The Governance, the Lebanese Way - Case Study: A&M Contract - Europäische und Internationale Zusammenarbeit
Lebanon is undergoing a stifling economic crisis that has had repercussions on all aspects of life amid a faltering political recession, going from presidential, to parliamentary and governmental vacuums, to political settlements and quota governments, the last of which was the formation of a government that was soon obstructed from within, which exposed its political structure that was based on partisan and sectarian divisions. The political recession left a devastating impact on the economic and the financial levels. The Lebanese lira went through an unprecedented collapse against the dollar, which has had repercussions on livelihoods amongst all social classes in Lebanon. Since the October 17 revolution in 2019, the Lebanese people have been standing against the political class that has been ruling the country over the past years. In addition to this stifling scene, the deterioration of the relations with the Gulf states – that is unusual within Lebanon’s diplomatic relations – has transformed the nation of openness and pluralism to an isolated zone in its surroundings.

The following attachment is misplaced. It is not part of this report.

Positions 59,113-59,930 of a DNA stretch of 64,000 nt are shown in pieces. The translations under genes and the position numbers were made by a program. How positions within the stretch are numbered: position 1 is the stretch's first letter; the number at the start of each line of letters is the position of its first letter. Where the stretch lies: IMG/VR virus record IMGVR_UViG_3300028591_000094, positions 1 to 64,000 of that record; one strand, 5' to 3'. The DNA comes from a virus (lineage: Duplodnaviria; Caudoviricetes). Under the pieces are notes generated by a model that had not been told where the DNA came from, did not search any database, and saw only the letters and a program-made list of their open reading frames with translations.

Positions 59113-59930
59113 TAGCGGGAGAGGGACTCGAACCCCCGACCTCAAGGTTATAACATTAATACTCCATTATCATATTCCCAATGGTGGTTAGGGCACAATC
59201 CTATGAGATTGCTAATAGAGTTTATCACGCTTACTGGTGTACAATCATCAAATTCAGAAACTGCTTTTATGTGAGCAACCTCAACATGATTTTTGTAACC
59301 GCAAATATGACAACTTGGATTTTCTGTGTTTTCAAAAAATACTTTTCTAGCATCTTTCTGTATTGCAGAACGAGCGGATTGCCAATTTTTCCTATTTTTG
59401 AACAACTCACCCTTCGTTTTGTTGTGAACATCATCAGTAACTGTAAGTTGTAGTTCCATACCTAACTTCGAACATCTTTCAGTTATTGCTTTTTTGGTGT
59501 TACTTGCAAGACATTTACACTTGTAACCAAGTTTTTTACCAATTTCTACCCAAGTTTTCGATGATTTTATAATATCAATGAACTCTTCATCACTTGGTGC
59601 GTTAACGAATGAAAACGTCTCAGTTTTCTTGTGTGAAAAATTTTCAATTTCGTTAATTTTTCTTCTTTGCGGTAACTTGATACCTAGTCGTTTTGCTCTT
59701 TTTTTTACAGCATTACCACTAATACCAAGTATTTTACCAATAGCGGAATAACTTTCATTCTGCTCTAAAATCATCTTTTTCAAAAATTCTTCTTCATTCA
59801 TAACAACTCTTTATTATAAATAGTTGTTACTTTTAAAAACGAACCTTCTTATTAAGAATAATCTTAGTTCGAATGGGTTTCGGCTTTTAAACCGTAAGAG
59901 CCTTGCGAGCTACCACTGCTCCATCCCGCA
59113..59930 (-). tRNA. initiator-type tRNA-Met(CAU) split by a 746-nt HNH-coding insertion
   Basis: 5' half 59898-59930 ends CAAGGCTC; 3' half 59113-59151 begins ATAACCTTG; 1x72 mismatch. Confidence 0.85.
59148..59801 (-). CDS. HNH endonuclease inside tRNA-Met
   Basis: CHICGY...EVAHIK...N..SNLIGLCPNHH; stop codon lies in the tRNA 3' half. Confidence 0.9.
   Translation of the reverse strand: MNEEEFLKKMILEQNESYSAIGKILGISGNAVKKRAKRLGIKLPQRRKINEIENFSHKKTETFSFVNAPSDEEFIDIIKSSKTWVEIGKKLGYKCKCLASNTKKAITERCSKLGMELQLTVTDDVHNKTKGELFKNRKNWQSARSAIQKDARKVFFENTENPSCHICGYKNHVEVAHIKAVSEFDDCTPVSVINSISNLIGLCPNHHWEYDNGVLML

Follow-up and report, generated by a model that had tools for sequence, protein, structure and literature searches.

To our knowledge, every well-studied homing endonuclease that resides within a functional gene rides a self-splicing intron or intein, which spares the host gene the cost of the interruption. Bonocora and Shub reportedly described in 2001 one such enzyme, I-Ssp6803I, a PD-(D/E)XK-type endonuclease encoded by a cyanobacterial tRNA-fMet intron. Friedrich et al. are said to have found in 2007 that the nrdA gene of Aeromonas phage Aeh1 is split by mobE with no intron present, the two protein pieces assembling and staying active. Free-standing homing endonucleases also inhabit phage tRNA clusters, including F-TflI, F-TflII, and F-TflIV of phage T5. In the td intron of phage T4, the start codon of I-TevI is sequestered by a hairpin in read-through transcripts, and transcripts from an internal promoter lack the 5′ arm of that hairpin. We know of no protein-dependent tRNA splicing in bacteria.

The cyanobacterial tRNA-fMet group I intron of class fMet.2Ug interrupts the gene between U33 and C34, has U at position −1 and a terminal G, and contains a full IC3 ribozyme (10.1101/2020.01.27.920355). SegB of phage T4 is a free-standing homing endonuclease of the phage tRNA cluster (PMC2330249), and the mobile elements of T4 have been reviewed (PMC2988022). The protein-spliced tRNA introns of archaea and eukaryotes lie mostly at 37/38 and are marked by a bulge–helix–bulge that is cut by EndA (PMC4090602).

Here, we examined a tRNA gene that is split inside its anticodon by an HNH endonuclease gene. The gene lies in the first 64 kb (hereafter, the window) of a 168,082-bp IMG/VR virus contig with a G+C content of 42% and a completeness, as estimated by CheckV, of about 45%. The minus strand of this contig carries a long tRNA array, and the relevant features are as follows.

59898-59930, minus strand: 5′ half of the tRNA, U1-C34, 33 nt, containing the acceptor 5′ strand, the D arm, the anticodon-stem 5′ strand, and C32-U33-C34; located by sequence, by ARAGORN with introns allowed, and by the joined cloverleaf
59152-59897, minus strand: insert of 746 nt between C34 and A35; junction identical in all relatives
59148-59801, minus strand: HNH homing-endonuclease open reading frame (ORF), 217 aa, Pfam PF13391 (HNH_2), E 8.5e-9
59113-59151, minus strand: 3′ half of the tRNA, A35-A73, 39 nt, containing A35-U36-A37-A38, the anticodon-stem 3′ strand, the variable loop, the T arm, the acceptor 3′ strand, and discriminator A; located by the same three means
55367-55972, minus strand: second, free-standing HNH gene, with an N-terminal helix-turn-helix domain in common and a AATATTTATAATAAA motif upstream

Facing this grim reality, “Maison du Futur” organized a conference in partnership with “Konrad-Adenauer-Stiftung”, in which elites from the civil society and its cadres participated, some of whom have worked in state administrations and been in decision-making positions, specifically on the financial level. This gave the conference enriching dual scientific and practical dimensions. If the scientific dimension of the forums is the result of a higher academic education and specialized competencies, their practical dimension comes from personal experiences and significant expertise they gained in the field of financial policies. This allows them to demonstrate the true reality of the public affairs in light of political, economic and financial challenges as well as the performance of former mandates and successive governments, and Central Bank policies over the past years, which made the state of Lebanon a non-friendly environment for a good governance (first part). Throughout the three discussion sessions, speakers broke down the contract signed between the Lebanese state and the global firm Alvarez and Marsal (A&M) for the purpose of a forensic audit of the Central Bank of Lebanon’s accounts, which was merely a facade to display that the Lebanese state is serious about putting an end to the waste and corruption within its institutions and defining responsibilities (second part).